I have served on the Local Government Committee protecting the rights of various communities in the state to set the rules of governance for their own communities. I served on the Transportation Committee where I made sure that we did as much as we could within the tax dollars available to repair bridges and roads so we could have safe roads to keep our communities connected. I served on the Ways and Means Committee where I voted to increase the gas tax so we could rebuild the deteriorated bridges in Vermont. One result of this effort was finally getting the “stop light” bridge on Route 116 rebuilt.
I was a member of the Government Accountability Committee and oversaw the dramatic change in how water permits were issued so that we continued to protect our waterways and at the same time reduced the time involved for a permit to be issued so that projects could move forward without undue government bureaucracy. This effort, coupled with Transportation Secretary Minter’s innovative bridge projects, allowed the River Road Bridge to be completed in half the time and nearly half the cost compared to the traditional way we used to rebuild bridges in Vermont.
I have worked as a member of the Education Committee to put systems in place that will be more efficient and effective, creating a school system that does a better job of educating our children while keeping costs within what taxpayers can afford.
Our recovery from the Great Recession and Tropical Storm Irene cost taxpayers millions of dollars. This expenditure of taxpayer dollars helped our business community rebuild and thrive. Vermont has added 7,900 new businesses since 2011 according to the Bureau of Labor Statistics. The net tax supported debt is at 2.1 percent, the third-lowest in the country and contributes to our ability to keep a AAA+ bond rating, which only 15 other states can claim. And while retirements have reduced the workforce by 18,000 workers the job market has added 15,000 new jobs. I have voted for tax investments in our state and our economy, particularly in the area of renewable energy and weatherization. These tax-supported investments have helped dozens of schools reduce their carbon footprint and their use of fossil fuels, and helps support businesses such as Lathrop Wood Products with a valuable market for their products. The growth in jobs in the renewable energy business has exceeded 17,000 jobs and has helped Vermont become one of the first states to increase its median income since the recession.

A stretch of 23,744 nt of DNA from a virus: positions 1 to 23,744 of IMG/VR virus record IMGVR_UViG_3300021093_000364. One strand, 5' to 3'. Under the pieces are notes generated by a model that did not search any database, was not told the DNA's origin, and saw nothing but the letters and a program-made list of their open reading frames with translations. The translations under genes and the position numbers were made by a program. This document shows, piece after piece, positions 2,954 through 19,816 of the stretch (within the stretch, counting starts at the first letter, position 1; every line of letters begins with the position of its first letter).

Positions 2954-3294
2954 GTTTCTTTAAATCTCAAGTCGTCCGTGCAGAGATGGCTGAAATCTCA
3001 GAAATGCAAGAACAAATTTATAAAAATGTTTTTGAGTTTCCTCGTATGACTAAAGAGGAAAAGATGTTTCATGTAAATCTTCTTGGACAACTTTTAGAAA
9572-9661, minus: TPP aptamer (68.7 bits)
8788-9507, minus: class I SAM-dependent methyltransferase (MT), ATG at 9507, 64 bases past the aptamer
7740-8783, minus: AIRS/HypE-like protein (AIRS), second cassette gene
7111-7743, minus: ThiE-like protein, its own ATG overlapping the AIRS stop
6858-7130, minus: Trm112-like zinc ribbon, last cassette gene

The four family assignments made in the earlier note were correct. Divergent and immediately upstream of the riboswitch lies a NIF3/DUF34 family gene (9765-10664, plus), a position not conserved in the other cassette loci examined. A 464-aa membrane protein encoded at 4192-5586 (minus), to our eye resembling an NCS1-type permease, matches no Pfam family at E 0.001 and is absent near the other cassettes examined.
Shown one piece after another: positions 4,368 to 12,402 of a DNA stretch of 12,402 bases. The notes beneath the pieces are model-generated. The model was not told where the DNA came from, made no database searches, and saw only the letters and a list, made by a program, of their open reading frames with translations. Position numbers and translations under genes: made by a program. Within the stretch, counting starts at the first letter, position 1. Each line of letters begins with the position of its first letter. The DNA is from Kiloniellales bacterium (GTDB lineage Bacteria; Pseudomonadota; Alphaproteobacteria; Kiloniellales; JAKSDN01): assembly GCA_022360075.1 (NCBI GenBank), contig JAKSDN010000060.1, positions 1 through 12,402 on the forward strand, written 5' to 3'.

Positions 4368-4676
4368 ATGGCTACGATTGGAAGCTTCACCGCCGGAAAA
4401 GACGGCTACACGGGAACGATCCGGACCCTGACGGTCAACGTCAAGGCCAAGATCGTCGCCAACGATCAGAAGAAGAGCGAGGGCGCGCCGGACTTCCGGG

It is important to note that the biggest driver of the state budget as well as many business, school, and home budgets is the rapidly increasing cost of health care. It is this cost that is the biggest challenge to the health of our economy and the rate of tax increases.
I believe that climate change is real and I want to preserve as much of Vermont’s agriculture in the face of new invasive species that threaten our pollinators and our valuable maple trees. So I strongly support increases in weatherization projects of our homes, businesses, and state buildings as well as production of renewable energy. I am against an 88-cent gas tax as a way to reduce consumption of fossil fuels.
I have also voted to support working Vermonters by increasing the minimum wage to over $10 per hour, and to provide a pathway so every Vermont wage earner has an opportunity to earn sick days,
So yes, I have voted for additional tax bills which have helped keep Vermont the best state to live, work, raise a family and retire in. How would we find money to run our state without fees and taxes? Which programs, infrastructure improvements, educational opportunities, and environmental improvements that currently benefit you would you want to do without?
I take my responsibility as a state representative seriously to balance all the moving parts in running our great state for all Vermonters. I am committed to honesty, transparency, working with all Vermonters, the use of common sense, fairness, and listening to all points of view, and above all to engage in civil discourse.
David Sharpe, Bristol